Taliban distances from Jammu and Kashmir

Opinion

By Sri Krishna

As Pakistan sought to drum up support against India on Article 370 revoking special status to Jammu and Kashmir where it has been encouraging terrorists, it got a rap on its knuckles from Taliban whom it has been supporting in Afghanistan being slammed for linking Kashmir to Afghanistan.

This comes at a time when Pakistan is seeking to play a role in Afghanistan considering its close relationship with Taliban and American President Donald Trump keen on withdrawing his troops from the war torn country before the Presidential elections next year.

Urging India and Pakistan not to turn Afghanistan into the ‘theater of competition between other countries’, Taliban spokesperson Zabihullah Mujahed said, “Linking the issue of Kashmir with that of Afghanistan by some parties will not aid in improving the crisis at hand because the issue of Afghanistan is not related.”

In a statement Taliban urged India and Pakistan to refrain from taking steps that could pave a way for “violence and complications” in the region.

This came after Pakistan’s opposition leader in the Parliament Shehbaz Sharif drew comparison between Kashmir and Afghanistan and said, “What kind of a deal is this that the Afghans enjoy and celebrate peace in Kabul, but in Kashmir, blood is shed? No, this is not acceptable for us.”

The Embassy of Pakistan in Kabul has meanwhile clarified that the Kashmir issue would not affect the peace drive in Afghanistan.

“The issue of Kashmir has nothing to do with the violence in Afghanistan and it is unfortunately still unresolved…,” Pakistan ambassador Zahid Nasrullah Khan was quoted as saying by Anadolu News Agency.

Ironically, it is the same Taliban with the backing of Pakistan intelligence agency ISI that had in 1999 when the Indian Airlines plane was hijacked helped in the release of three militants Mushtaq Ahmed Zargar, Ahmed Omar Saeed Sheikh and Maulana Masood Azhar.

As National Security Adviser Ajit Doval who was then Intelligence head when he landed in Kabul with the Indian negotiating team headed by the then External Affairs Minister Jaswant Singh found on the tarmac of Kandhar airport two ISI men of the rank of Lieutenant Colonel and Major and joined by others.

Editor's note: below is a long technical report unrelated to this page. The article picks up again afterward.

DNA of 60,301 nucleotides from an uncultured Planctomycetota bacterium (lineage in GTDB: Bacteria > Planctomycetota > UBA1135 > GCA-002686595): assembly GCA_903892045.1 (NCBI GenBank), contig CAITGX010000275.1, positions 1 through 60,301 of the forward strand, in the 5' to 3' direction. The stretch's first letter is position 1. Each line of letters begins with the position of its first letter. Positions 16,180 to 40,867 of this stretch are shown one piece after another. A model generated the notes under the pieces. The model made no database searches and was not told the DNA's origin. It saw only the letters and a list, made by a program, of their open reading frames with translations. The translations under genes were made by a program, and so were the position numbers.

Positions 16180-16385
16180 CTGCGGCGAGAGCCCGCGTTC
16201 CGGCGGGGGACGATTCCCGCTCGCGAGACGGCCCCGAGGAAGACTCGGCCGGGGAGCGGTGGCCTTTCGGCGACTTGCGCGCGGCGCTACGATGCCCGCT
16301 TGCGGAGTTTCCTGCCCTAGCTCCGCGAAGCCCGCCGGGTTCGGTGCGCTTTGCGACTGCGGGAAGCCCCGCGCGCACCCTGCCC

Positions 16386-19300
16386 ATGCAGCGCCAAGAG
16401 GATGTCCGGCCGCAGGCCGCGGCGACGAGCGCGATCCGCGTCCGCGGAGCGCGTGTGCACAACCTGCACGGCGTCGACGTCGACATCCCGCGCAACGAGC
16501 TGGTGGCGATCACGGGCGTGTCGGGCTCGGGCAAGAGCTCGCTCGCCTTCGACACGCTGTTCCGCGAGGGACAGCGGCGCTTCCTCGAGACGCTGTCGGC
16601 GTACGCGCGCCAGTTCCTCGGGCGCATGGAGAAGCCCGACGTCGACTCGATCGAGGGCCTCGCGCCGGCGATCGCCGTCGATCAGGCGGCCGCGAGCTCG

The wheel now appears to have come a full circle with the Taliban softening its stand towards India clearly indicating that if its government comes to power in Kabul, it would need the support of countries like India.

What is apprehended is that if the Taliban come to power in Afghanistan, it would enable ISI and other power centres in Pakistan, which have been preoccupied with making this transfer of power happen to their north shift their focus fully on fomenting trouble in Jammu and Kashmir. In the past 15 years, Pakistan felt caught in a pincer between antagonistic forces in India and Afghanistan.

But, with the revocation of Article 370 and making Jammu and Kashmir and Ladakh into Union Territory and so enabling Delhi to have greater control over the region, the picture appears to be changing and Trump wanting to play a role in Kashmir recedes further.

Meanwhile, Pakistan’s “Iron brother” China has criticized the revocation of Article 370 expressing concern about the current situation in the state and opposed the move to make Ladakh a separate Union Territory.

Responding to this stand by China, India reminded Beijing that the matter was “internal” to India.

Without naming China’s far western region of Xinjiang, which is facing a major uprising, Modi government reminded Beijing of their own internal issues and said that as per policy, India does not interfere in the affairs of other countries, and expects other countries to do likewise.

Chinese Foreign Ministry spokesperson Hua Chunying in a written response to queries on the exchange of fire along the Line of Control and the Indian government’s move to revoke Article 370, said, “China is seriously concerned about the current situation in Kashmir… China’s position on the Kashmir issue is clear and consistent. This issue is a legacy of history between India and Pakistan, which is also the consensus of the international community.”

This is the second statement issued by China on the Kashmir issue in recent weeks. Earlier on July 26, China had asked India and Pakistan to exercise restraint and said they should peacefully settle the Kashmir issue and other disputes through dialogue and expressed its support to the international community, including the US, in playing a “constructive role” to improve ties between the two countries.

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